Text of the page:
There are many changes that children must negotiate when transitioning between primary and secondary school. These include dealing with new, much larger and busier environments, meeting raised expectations of autonomy and planning, and managing different expectations from up to seven different teachers each day. While some primary to secondary transitions are planned well, many are poorly managed and can lead to anxiety and resistance to school which can result in poor attendance or school refusal.
While the primary to secondary transition for autistic children has been the focus of research, much of this focuses on the views of teachers and parents. Opportunities for autistic young people to share their stories in a meaningful way are rare. Even more rare are the voices of autistic girls who are less likely than boys to have been identified as autistic by the time they transition to secondary school.
This research, therefore, prioritises the voices of autistic girls as central to our learning about transitions. Read on to find out more about us and what we have been doing.
Who are we?
We are a research group made up of six autistic girls and one researcher/ex-teacher. Click on our biographies to find out more about us.
Our name – Fizzacc – is made up of our initials. We particularly like it because if you google it, it autocorrects to pizza!
What do we do?
We have been considering how we can use our experiences of education and of transitions to support other children. One of the ways in which we have been doing this is by using body mapping. This has involved making life-sized representations of ourselves and drawing, writing and collaging images that represent our feelings and experiences. Here are some images from our body maps.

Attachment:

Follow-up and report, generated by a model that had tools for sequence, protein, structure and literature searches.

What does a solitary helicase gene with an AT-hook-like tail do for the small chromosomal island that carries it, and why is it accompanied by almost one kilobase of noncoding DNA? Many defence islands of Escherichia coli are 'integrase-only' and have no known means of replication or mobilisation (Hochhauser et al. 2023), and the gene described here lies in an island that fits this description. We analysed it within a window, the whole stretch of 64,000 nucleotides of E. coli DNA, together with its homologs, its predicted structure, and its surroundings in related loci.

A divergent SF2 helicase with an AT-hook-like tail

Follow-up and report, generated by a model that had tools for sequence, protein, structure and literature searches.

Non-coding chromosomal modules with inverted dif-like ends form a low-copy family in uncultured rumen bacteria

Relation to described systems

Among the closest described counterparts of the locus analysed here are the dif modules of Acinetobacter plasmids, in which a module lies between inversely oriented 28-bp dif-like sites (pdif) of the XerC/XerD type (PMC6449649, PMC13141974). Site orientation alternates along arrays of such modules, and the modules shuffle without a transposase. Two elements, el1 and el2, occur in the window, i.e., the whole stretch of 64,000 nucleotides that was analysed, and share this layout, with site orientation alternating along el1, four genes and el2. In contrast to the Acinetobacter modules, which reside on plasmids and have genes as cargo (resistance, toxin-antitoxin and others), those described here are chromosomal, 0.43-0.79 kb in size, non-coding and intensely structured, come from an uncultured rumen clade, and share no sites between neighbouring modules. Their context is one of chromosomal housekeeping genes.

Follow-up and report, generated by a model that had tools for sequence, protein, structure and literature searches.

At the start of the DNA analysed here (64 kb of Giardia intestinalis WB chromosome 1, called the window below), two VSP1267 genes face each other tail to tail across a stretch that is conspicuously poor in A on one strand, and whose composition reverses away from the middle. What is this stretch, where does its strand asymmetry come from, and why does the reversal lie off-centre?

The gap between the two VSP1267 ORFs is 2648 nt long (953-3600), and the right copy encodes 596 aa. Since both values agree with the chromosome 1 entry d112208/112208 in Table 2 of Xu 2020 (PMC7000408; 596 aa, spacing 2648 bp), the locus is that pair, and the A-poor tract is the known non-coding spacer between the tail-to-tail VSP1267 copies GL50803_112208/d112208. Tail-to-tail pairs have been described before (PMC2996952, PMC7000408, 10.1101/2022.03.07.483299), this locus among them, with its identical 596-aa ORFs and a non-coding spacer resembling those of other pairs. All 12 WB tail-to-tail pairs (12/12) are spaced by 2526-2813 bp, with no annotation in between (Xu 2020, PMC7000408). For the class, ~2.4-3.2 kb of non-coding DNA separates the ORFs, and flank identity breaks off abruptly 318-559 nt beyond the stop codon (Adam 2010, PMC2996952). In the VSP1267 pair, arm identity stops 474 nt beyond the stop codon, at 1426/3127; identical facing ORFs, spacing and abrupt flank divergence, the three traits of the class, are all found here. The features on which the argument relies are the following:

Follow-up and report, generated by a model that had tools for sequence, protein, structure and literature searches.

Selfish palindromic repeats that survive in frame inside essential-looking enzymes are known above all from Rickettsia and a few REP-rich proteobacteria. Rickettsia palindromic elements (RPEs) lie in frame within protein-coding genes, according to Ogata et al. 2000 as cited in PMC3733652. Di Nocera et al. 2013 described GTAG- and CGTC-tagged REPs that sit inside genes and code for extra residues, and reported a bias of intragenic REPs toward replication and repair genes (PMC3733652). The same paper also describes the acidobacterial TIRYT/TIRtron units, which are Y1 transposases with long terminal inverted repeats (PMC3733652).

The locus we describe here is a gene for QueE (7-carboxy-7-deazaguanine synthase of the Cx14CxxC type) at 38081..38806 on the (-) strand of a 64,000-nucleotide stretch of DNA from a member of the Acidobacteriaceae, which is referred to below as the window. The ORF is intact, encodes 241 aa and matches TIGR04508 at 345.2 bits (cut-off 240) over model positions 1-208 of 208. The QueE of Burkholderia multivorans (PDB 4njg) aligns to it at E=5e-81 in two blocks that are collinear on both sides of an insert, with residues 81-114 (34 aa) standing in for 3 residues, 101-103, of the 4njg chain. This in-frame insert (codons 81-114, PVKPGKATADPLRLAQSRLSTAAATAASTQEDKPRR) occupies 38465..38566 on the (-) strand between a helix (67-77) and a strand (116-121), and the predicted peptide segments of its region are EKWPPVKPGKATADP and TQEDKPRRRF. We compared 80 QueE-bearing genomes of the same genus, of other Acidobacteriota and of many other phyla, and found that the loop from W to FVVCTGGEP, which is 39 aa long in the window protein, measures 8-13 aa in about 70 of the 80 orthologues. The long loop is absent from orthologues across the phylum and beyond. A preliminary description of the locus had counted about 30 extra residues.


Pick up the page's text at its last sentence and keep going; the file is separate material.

What did we do next with our body maps?
We chose some of the stories from our body maps and turned them into ‘Perspective Narratives’. These show the story from two different perspectives to encourage the reader to think more deeply about our experiences. We also added some questions and talking points to each story. We hope that these stories might make the readers understand our experiences in school a bit better. Click on the titles below to read our narratives.
How can you get involved?
We have created some resources which aim to raise awareness of autistic girls’ experiences in schools. The resources are very flexible and you can choose to use all or part of them as you wish. They were designed for year 7 pupils but would be suitable for KS2 or KS3. The resources include a 6 minute video presentation alongside a number of individual and group activities. They could be delivered as a one off lesson as part of a PSHE or Citizenship curriculum or could be divided up and completed during tutor periods.
These resources are free to use. Just click on the headings to open in a new window. If you like them – please share!